It was now our turn and Jeni said hello and kissed her on the cheek. And she just stared at Jeni with a cold confused look. She had no idea who Jeni was. Jeni's eyes welled up and immediately sat down. I introduced myself and not surprisingly, she said:
Grandma: "I don't know you!"
We all laughed.
Me: "That's ok. I'm Jeni's husband, nice to meet you."
Grandma: "Sorry I don't know you!"
It took a good 15-20 minutes of small talk amongst everyone before we could clear up the uncomfortable silence. We started eating some food and with most of Jeni's family there and grandparents in full view, I think everyone cheered up. Jeni and her brother didn't look at their grandmother much but I knew they were happy to be there. Her grandfather was so happy on his armchair, sipping on his coke can. It was nice.
About an hour into it, Grandma suddenly exclaimed, "Alvin!" She realized that her son was there and that he had brought his children and a random Chinese guy. Her father got up and smiled, saying "Hi Mom, it's me Alvin."
When we decided to leave, Jeni went over to her grandmother to say goodbye. I'll never forget what they said:
Jeni: "Bye grandma."
Grandmother: "Bye! I'm sorry I'm in bed. Next time you come back, I will be up and walking."
Jeni: "Okay, we'll go dancing ok?"
Grandmother: "Haha. Yes, dancing!"
As we left the house, Jeni started to cry and I told her that whether or not this would be the last visit, she made her laugh for that one moment and graced her with family presence. And that's what's important. Jeni and I hope to visit her once more.
But for Jeni and me, you might be able to guess what one of our favorite things to do, if not the main reason for traveling, is to find the most palatable of food and share our experiences with you. Aside from an emotional yet enlightening visit with her family, we had a separate agenda to make the whole trip worthwhile. Time to tuck the napkins in your shirt!
Waiola's Shaved Ice
I've never been into shaved ice – not Taiwanese, Korean or Hawaiian. But the Chinese-owned Waiola Store made me change my mind as Jeni and I fought over this cup of shaved ice. On my last visit, we stopped by Matsumoto's and it wasn't memorable. Is it better engineering on the ice shaver or a better grade of multi-colored high fructose corn syrup? Whatever it was, it was so nice to sit on a bench on a beautiful day and paint the tongue/lips different colors. Her dad told us that this is what they used to do as kids - walk here barefooted for some tasty stuff.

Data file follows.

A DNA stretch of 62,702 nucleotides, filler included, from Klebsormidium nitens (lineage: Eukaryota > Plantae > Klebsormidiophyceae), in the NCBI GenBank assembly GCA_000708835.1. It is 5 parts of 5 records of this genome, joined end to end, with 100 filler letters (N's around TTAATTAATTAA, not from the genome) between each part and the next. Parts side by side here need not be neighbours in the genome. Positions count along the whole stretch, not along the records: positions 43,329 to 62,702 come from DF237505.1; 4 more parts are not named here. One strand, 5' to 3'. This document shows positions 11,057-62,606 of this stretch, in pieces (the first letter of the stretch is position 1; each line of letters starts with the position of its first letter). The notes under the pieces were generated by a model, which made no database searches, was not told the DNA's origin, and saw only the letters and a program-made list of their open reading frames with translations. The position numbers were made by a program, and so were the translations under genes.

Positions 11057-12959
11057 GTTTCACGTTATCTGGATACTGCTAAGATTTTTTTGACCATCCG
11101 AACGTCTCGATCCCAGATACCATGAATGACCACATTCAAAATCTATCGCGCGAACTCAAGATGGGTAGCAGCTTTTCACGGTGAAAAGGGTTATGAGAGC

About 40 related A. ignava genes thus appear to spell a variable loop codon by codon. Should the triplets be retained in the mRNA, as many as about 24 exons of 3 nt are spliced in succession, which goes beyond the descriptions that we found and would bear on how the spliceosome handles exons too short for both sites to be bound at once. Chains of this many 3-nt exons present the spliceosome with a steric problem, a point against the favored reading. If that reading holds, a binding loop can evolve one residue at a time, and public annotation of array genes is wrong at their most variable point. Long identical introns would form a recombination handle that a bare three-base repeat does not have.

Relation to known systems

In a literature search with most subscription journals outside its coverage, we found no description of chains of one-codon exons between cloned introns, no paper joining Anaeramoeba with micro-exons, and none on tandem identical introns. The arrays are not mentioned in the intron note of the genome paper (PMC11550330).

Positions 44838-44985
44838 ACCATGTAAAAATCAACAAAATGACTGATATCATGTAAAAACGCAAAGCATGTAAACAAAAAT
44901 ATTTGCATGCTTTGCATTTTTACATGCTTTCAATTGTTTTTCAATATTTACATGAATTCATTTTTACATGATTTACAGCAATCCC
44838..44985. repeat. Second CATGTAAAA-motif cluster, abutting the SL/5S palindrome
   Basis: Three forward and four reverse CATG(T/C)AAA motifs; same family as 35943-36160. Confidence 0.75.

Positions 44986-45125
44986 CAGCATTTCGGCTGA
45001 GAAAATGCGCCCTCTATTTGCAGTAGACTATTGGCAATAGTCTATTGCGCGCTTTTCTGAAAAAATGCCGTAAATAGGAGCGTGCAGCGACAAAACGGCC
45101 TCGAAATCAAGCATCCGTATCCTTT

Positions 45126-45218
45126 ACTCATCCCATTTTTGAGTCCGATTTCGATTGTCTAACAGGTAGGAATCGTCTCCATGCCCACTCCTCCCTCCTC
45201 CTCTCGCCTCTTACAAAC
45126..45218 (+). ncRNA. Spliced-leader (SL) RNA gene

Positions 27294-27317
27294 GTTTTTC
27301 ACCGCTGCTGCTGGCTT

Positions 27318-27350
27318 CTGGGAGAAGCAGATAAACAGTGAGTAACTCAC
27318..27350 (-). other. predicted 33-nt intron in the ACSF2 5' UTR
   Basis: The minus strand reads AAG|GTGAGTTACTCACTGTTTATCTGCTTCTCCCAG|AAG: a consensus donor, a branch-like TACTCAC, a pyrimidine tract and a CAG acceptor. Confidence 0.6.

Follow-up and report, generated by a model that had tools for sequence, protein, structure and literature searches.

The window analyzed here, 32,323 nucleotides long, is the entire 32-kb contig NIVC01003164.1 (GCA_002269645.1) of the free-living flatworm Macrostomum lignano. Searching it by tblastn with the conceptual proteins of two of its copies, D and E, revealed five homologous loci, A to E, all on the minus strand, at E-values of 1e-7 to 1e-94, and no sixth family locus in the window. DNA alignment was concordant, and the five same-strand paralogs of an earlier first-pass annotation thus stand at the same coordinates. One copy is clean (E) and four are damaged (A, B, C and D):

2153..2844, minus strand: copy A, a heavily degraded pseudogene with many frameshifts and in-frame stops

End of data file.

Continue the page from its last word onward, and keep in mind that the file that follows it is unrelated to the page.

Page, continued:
You pick your ice cream flavor, toppings and flavored syrup. Voila, this is Hawaiian shaved ice.
Driving Around the Island
Life exists outside of Waikiki Beach. Should you decide to drive around the island, it's a good idea to buy a plate lunch for a spontaneous picnic along the beaches/shore. We stopped over at this place called Diamond Head Market & Grill, known for their delicious blueberry scones and plate lunches. I had to have my Portuguese sausage and eggs for breakfast – something even McDonald's offers, which isn't bad at all for $4.
We drove around stopping whenever someone wanted to check out a view. I brought my Holga camera and snapped the scenery.
Before we even embarked on this trip to Hawaii, I would tell Jeni just how much I missed real poke. What is poke? It's a traditional Hawaiian dish that involves mixing raw seafood with seaweed, soy sauce, salt, scallions, onions, kukui nut and sesame oil. I heard that traditional Hawaiian poke is made with alaea salt (red clay salt) and seaweed. The Japanese introduced the soy sauce and sesame oil version. And up until this trip, I had NO IDEA just how many types of poke there were. And so here begins another one of my comparison postings so that you don't have to scramble all over the internet looking for the top five places. I could not have done this without the help of Hawaii-based Reid of Ono Kine Grindz and San Diego's Kirk of Mmm-Yoso. Poké party!!!